3D printing: a new hope for architecture

3D printing: a new hope for architecture

Although 3D-printing techniques were not an overnight sensation, today it has turned fantasy into reality


DUS Architects built a 3D-printed cabin in Amsterdam using biodegradable plastic.
Photo: City University of Hong Kong

Over the past 30 years, 3D printing has developed rapidly. In the near future, you may be able to customise your ideal home and print it out!

You may have heard of Chuck Hull, the father of 3D printing. He invented stereolithography – a form of 3D printing – in 1983, and founded a company three years later. Although the technology was not an overnight sensation, today it turns fantasy into reality, providing a huge boost for many sectors, such as health and medicine, and even for the architecture industry.

Converting ideas into reality

In 2014, the Chinese company WinSun completed the first-ever 3D-printed, full-scale house within 24 hours. This summer, DUS Architects built a 3D-printed cabin in Amsterdam, in the Netherlands. A fully functioning office, including interior furniture, was also built in 17 days in Dubai earlier this year. This building, a temporary office for museum staff, will be able to host exhibitions. These achievements hold great promise for the future, especially in terms of providing temporary refuge for people.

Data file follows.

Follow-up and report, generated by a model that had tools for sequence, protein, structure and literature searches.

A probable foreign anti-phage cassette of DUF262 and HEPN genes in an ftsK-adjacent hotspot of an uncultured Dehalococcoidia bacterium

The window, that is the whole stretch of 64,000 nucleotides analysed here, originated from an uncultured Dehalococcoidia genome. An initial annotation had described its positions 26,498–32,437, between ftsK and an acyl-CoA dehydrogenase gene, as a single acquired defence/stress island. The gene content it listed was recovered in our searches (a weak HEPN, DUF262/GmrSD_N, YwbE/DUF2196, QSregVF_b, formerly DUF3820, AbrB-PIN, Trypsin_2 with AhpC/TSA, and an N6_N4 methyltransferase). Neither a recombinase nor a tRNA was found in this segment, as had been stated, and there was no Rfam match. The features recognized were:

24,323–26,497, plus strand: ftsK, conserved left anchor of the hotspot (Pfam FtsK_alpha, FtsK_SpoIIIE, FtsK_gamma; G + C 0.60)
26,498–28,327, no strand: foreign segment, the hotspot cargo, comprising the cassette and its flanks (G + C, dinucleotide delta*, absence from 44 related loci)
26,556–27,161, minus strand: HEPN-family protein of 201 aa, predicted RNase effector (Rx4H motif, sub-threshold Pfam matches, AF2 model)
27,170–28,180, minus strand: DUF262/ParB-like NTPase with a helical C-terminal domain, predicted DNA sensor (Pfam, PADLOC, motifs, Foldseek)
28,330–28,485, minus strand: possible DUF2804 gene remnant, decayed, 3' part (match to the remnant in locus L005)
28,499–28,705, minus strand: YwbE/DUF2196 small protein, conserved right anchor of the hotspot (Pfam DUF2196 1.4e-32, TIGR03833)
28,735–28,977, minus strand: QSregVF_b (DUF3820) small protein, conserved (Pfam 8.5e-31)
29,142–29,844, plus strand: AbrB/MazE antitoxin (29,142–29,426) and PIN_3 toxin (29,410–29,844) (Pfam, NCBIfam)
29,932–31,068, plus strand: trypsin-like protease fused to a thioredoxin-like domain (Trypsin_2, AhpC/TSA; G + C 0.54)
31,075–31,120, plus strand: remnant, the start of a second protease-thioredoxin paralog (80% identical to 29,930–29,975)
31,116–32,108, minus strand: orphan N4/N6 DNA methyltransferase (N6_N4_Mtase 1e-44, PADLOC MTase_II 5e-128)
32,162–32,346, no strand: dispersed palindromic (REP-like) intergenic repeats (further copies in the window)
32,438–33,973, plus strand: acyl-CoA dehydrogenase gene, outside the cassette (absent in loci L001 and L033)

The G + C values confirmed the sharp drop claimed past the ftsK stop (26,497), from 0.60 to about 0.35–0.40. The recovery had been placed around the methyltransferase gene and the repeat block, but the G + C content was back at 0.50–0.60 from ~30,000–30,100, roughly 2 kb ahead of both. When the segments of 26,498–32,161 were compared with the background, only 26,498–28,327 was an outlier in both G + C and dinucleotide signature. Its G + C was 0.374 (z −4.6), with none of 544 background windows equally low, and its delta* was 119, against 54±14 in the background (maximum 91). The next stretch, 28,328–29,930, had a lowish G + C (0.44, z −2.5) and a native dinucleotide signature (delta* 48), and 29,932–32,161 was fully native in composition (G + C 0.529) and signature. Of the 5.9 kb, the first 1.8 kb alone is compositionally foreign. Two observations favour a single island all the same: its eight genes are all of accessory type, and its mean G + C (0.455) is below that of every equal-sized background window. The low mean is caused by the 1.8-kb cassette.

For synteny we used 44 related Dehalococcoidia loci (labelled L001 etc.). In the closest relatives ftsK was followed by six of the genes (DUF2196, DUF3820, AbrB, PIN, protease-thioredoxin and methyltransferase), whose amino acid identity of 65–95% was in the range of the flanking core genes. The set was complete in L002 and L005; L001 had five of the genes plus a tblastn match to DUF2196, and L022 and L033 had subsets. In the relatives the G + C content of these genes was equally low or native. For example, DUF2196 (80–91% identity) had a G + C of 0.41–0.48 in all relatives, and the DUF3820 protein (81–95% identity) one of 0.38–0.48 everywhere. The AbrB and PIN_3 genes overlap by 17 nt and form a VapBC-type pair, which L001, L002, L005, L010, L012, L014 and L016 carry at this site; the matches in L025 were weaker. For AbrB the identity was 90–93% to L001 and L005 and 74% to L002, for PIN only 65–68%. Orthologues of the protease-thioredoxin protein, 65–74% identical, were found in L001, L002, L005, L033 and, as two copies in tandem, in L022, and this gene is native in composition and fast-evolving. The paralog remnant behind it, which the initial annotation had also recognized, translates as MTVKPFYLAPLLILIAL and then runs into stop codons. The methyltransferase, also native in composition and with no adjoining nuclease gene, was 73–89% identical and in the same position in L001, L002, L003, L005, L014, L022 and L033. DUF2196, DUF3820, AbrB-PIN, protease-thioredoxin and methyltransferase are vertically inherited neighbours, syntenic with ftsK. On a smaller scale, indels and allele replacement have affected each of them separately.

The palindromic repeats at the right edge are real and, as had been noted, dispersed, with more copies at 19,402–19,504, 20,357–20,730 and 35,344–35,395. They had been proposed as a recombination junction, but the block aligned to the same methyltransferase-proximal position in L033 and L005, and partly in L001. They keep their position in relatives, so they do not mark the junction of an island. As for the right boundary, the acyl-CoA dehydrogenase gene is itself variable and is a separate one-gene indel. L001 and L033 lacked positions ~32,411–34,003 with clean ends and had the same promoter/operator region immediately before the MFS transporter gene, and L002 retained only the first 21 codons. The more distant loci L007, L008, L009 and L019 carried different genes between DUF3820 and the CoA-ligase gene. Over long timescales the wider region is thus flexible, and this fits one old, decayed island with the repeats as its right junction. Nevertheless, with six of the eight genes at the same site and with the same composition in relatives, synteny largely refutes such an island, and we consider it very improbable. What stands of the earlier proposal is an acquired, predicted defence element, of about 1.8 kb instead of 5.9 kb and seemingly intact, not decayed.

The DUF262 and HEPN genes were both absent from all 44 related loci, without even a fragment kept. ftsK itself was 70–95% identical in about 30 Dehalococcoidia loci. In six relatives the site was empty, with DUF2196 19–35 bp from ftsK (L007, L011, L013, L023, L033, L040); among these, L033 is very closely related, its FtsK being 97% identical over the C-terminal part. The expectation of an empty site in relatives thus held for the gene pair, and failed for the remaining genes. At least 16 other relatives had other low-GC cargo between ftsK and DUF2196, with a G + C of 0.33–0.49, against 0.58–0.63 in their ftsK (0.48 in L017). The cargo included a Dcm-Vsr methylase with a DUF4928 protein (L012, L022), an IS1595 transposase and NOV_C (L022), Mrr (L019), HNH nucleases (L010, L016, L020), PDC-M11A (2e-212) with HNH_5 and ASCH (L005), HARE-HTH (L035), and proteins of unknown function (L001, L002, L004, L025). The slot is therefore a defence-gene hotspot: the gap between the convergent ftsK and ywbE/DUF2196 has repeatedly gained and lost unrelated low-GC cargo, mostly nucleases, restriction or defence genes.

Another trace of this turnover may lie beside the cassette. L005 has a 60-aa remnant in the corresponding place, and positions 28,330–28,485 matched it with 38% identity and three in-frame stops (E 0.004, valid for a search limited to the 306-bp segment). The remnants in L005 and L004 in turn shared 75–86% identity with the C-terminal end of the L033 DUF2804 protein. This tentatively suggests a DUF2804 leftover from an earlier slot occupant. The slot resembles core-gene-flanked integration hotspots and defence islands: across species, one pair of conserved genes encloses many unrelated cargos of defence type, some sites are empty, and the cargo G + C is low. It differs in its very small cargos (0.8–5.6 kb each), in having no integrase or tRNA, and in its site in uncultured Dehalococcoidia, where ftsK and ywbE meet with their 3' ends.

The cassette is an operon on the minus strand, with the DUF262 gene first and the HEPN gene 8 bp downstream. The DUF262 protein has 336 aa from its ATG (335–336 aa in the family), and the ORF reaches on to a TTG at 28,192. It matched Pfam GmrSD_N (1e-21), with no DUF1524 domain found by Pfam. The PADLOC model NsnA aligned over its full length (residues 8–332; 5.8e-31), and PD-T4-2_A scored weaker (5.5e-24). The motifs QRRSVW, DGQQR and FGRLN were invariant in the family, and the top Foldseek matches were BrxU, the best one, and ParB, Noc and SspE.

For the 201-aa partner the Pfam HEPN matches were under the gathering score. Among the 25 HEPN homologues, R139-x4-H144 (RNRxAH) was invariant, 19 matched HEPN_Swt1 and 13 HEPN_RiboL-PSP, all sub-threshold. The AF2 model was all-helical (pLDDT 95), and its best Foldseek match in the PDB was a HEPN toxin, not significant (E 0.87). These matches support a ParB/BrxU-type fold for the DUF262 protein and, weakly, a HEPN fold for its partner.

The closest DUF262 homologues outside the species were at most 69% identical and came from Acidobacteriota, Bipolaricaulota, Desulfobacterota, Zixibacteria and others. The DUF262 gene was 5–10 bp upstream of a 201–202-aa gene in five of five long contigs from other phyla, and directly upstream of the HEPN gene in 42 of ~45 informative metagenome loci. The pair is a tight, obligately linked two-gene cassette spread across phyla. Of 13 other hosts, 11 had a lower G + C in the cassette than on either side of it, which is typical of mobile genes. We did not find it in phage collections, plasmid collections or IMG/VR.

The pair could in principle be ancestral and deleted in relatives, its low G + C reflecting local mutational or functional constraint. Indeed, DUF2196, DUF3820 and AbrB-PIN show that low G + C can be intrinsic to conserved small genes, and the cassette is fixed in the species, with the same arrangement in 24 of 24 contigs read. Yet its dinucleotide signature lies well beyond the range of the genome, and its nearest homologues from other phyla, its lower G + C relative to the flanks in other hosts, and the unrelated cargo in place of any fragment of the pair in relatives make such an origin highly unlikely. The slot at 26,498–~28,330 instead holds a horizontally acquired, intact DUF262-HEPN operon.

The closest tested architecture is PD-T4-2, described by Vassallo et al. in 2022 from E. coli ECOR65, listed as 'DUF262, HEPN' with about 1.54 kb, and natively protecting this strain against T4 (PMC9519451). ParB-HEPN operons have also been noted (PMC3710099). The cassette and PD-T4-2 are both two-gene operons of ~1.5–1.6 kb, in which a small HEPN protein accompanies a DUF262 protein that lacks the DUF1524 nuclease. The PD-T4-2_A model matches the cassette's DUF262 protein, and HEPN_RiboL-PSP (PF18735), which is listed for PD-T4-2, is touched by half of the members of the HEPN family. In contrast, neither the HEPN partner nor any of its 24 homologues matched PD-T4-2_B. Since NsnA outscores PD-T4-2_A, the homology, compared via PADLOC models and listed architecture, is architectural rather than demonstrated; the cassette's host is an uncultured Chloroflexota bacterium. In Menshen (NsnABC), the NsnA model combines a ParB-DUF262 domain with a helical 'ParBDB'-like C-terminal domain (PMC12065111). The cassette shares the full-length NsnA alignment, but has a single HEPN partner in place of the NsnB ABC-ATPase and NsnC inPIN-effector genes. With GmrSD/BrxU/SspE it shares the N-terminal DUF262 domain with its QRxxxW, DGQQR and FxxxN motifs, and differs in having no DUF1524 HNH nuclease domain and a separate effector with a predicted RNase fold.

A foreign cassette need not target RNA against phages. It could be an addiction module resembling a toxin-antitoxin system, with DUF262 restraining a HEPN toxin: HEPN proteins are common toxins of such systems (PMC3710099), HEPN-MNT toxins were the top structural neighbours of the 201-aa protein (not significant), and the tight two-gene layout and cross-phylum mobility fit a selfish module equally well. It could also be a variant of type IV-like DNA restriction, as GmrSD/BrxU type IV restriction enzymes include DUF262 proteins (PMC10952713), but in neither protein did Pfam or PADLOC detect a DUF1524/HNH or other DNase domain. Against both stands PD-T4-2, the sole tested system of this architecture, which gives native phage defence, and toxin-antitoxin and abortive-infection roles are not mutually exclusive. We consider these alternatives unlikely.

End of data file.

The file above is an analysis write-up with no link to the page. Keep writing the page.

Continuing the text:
3D printing offers major advantages with regard to the environment, time and labour. For example, WinSun and DUS Architects used construction waste and biodegradable plastic, respectively, as building materials. It can also shorten construction time by 50 to 70 per cent, and saves labour costs, as the printers are the major “construction crews”. This allows companies to overcome the current labour shortage in the construction industry.

Exploring 3D printing

Students at City University of Hong Kong can explore 3D printing thanks to the latest technology provided by CityU’s Office of Education Development and Gateway Education. This technology has indeed fuelled our imagination, so it’s time for us to “print” our future!


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